Thomas Sowell, Political Conflict, and Madmen in Authority
The impact of well-articulated ideas could be insignificant in their influence on a particular election or legislative vote, or an act of a leader of the state. But the context in that this decision-making takes place could have a specific view or a particular conflict of ideas when intellectuals have played an important role in history, not just by speaking words of wisdom into the ears of political leaders as being a part of the massive and powerful currents of concepts and misperceptions that propel humans’ actions. The impact of visions does not depend on them being articulated or on decision-makers being aware of the implications. “Practical” decision-makers often disdain concepts and ideas because they are too busy to think about the underlying assumptions on which they’re acting. However, the purpose here is precisely to study the fundamental social views whose conflicts have affected our lives and could influence the future.
The vision of the unconstrained had no limitations on human knowledge or its application to reasoning. It was the 18th-century exemplars of the unconstrained perspective who ushered in “the age of reason,” according to The title of Thomas Paine’s famed book from that time. Reason was just as essential to their vision as was experience in the narrow vision. According to [William] Godwin, experience was greatly overrated–“unreasonably magnified,” in his words–compared to reason or to “the general power of a cultivated mind.” Therefore, the wisdom of the ages was seen by Godwin as largely the illusion of the ignorant. p. 40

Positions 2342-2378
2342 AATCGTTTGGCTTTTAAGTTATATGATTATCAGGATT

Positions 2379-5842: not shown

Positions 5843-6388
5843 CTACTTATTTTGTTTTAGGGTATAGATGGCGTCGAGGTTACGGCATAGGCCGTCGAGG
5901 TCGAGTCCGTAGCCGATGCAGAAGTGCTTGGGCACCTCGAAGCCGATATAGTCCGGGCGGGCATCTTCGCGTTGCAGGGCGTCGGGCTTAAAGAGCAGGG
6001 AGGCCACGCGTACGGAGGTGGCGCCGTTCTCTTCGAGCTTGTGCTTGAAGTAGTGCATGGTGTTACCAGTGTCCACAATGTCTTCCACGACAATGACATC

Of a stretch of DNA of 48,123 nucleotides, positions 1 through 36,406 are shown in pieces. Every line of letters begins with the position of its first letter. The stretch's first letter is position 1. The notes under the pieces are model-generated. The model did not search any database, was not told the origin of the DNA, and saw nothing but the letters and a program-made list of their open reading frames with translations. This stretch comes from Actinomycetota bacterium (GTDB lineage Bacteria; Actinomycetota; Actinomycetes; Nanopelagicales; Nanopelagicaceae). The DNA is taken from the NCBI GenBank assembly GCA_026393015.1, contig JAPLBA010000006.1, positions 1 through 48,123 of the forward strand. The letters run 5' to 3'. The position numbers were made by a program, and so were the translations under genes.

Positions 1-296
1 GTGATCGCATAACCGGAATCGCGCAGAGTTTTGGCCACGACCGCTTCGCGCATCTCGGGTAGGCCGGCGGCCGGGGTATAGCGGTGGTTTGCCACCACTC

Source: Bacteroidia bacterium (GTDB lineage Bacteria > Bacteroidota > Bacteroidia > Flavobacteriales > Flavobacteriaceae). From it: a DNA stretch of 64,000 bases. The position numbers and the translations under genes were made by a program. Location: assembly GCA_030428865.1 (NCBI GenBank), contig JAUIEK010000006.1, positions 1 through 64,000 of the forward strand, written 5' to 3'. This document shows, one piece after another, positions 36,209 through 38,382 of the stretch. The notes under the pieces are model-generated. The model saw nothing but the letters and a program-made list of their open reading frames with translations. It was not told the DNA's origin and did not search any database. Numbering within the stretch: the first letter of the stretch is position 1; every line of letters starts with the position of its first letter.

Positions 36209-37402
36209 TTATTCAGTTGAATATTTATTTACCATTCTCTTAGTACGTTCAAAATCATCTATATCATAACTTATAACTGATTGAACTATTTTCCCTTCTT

The implicit in the unconstrained perspective is a stark difference between the opinions of “persons of narrow views” and those who have “cultivated” minds. p. 41
The power of clearly articulated rationality is essential to the freedom of vision. The capacity of unarticulated social processes to organize and mobilize information is crucial to the constrained view. p. 47
What differentiates people with constrained vision is the inherent limitations that humans consider to be severe enough to prevent the type of dependence on the individual’s articulated rationality that lies at the core of the vision that is unconstrained. The morality, the knowledge, and the courage required to implement the idea of freedom are not present according to the idea of constrained people. They aren’t likely to be developed either by the general population as well as by elites. p. 106-107
In the unconstrained view, it is evident that there is a huge gap between the general population in the world and people who’ve pushed more towards the intellectual and moral capabilities of the human race. …. For those who have a limited vision, there’s less of a gap between the moral and intellectual elite on the other hand and the common individual on the other. p. 153-154
This conflict of views can be seen in the present cultural strife. The phrase “woke” originally was used by people on the left to refer to people who are able to acknowledge and strive to end the discrimination in the existing institutions. It is now an epithet employed by people on the right side to define an individual who would substitute important institutions with ineffective options (“defund police”).